Why Blood Cancer Is Often Diagnosed Too Late

Dr. Irene Ghobrial is a senior physician at Dana-Farber Cancer Institute.

Stand Up To Cancer researcher Dr. Irene Ghobrial on why she’s working toward screening people for multiple myeloma

What if we got routine screenings for blood cancer the way we do for breast cancer and colon cancer? Dr. Irene Ghobrial, a senior physician at Dana-Farber Cancer Institute and SU2C researcher, says a simple blood test could allow doctors to detect blood cancer, intercept it, and potentially cure the disease. 

Through the PROMISE study, Dr. Ghobrial and her team are screening high-risk patients for multiple myeloma, the second most common blood cancer, which sees around 30,000 people diagnosed with it each year. We spoke with Dr. Ghobrial about screening for blood cancer and how her team is now using their research to fight Covid-19. 

Wake-Up Call: Why do we not get regularly screened for blood cancer like we do for breast cancer and colon cancer? 

Dr. Irene Ghobrial: It’s a great question. In general, cancer screening saves lives, right? So if we screen for every cancer, we could detect it early and prevent it from becoming symptomatic. Other cancers like colon cancer and breast cancer have had many years where people have worked on trying to understand how to screen them. Both of these cancers are harder to screen, because you have to do a colonoscopy or a mammogram. However, blood cancers should be as easy as a blood sample to get the screening done. Multiple myeloma, [a blood cancer], is a very easy disease to detect early on just by blood tests. 

What kind of blood cancer is multiple myeloma?

If you think about blood cancer, people often think of leukemia and lymphoma. However, multiple myeloma, although rare, is actually the second most common blood cancer that we have, and it’s the biggest cause of mortality. In multiple myeloma, cancerous plasma cells accumulate in the bone marrow — crowding out the normal plasma cells that help fight infection.

You’re currently involved in the PROMISE study, which is the first study to test healthy people for multiple myeloma. 

We know that every single patient diagnosed today with multiple myeloma would have had at least 10 to 15 years with a precursor condition. One of which is called “monoclonal gammopathy of undetermined significance” (MGUS) and the other is smoldering multiple myeloma. 

These people don’t even know they have these precursor conditions, because we don’t screen for them. And then they start having symptoms like bone pain, fractures, anemia, kidney failure — and this is when they actually know that they have the disease. If we were able to find these precursor conditions in those 10 or 15 years before they have the symptoms, then you can diagnose it early, intercept it, and potentially cure multiple myeloma through early treatment, rather than waiting for it to grow so much.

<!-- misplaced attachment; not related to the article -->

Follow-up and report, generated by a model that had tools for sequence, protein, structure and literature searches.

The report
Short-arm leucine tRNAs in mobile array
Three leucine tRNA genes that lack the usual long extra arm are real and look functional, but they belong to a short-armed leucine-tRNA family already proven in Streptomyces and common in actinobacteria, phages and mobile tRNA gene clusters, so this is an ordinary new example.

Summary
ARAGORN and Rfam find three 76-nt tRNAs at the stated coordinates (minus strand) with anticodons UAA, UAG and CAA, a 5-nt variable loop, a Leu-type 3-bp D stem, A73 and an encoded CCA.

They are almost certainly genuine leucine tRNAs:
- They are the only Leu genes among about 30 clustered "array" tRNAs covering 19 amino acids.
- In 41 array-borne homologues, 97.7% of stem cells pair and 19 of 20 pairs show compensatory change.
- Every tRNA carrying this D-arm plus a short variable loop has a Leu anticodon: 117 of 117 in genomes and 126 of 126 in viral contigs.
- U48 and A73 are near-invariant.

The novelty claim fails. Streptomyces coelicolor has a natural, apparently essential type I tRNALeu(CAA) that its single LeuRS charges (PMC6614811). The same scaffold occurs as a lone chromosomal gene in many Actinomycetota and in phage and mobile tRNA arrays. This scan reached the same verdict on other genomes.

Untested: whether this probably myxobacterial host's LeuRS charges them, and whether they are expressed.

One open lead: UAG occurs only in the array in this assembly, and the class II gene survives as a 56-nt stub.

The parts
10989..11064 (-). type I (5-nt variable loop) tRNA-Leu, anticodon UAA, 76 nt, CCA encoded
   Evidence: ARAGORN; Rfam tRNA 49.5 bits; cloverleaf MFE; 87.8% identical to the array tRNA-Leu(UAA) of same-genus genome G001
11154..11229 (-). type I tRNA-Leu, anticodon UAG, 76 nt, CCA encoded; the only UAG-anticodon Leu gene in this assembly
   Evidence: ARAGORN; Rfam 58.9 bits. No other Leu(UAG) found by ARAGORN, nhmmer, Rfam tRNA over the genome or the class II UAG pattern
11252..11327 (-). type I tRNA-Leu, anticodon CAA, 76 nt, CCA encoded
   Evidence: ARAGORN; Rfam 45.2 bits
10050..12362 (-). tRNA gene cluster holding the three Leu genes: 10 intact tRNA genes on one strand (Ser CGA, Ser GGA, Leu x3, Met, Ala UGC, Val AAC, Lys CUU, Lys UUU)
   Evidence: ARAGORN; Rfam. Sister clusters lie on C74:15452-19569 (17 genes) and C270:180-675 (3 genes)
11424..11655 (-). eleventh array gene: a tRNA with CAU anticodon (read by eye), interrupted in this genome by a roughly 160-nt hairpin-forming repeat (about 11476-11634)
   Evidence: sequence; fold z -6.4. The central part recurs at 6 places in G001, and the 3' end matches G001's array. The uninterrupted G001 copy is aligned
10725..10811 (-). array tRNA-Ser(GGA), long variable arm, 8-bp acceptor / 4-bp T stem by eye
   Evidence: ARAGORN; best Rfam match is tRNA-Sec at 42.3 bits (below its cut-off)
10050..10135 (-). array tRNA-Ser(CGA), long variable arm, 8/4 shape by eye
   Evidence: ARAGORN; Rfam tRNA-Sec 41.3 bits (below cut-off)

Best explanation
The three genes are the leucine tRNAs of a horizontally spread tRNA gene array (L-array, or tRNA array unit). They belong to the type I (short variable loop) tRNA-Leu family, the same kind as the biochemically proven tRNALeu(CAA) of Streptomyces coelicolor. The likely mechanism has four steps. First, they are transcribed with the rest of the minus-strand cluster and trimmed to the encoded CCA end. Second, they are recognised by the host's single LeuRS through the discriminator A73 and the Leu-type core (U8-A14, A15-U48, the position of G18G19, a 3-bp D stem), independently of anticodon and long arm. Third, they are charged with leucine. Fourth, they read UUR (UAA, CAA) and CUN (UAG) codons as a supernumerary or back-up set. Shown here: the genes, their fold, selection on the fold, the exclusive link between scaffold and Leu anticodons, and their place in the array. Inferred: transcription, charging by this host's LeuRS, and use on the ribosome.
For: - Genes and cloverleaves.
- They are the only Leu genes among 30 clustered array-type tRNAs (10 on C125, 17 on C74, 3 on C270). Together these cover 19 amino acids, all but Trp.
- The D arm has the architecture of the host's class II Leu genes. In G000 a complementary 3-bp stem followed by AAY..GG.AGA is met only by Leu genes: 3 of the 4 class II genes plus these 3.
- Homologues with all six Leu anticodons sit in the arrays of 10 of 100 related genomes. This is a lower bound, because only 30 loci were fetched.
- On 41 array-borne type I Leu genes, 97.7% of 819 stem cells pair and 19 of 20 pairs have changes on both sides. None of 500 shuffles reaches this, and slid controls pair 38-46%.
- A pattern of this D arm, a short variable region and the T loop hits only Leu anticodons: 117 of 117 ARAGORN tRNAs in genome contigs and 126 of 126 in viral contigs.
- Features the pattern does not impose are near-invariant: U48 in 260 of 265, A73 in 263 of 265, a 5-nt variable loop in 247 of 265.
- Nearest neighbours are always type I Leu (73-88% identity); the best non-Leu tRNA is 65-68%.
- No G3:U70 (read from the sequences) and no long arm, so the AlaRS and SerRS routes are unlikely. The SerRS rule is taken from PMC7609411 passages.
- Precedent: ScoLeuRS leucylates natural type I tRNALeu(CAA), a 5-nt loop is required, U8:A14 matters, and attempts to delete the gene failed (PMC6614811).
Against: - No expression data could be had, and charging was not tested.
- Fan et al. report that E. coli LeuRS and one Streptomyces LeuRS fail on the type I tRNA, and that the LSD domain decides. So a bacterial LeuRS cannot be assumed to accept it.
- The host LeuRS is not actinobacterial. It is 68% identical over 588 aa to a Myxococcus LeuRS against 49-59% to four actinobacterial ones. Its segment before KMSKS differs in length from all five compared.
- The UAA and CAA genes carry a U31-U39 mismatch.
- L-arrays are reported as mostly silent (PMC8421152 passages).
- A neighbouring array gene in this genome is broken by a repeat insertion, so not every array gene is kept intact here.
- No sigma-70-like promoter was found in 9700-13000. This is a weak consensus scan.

So that’s the whole idea for the Promise study. The hope is that we never diagnose anyone with active myeloma again. Right now, we are screening high-risk people, which is really two categories. 1.) Black Americans, because we know that they are two to three times more likely to develop multiple myeloma and 2.) First-degree relatives of someone who was diagnosed with multiple myeloma. 

And now, you’re applying your work with the PROMISE study to fight Covid-19. Tell us about the IMPACT study. 

When Covid-19 happened, we all stayed at home and said “OK, what can I do to help?” In general, we know that cancer patients are probably at a higher risk because their immune system is lower. So if you think about patients with active multiple myeloma, they are being very careful — they’re taking their medications and they’re staying at home. However, there is a huge number of the population — about 12 million people — that has one of these precursor conditions, and they don’t know about it. They’re walking around thinking they’re healthy, and yet we know from our own data that those with MGUS or smoldering myeloma have an immune system that is not normal. 

Today, we’re trying to understand what happens to the immune system in patients with these multiple myeloma precursor conditions who are infected with Covid-19. 

How will the IMPACT study help researchers and health care experts who are on the front lines of the pandemic?

Let’s say that the MGUS patients truly have an immune system that is worse compared to a healthy individual. This will allow medical professionals to prioritize those patients. It will provide important information and guidance on how to proceed when treating those with MGUS or smoldering multiple myeloma during the pandemic. 

Every day we’re facing the risk of, should I go out to a restaurant or not? Should I go to work or not? I think if you have more information, you’ll be able to think for yourself and for your own family about “what is my personal risk versus others?”

To learn more about the IMPACT study, click here

Written and reported by Eliza Costas.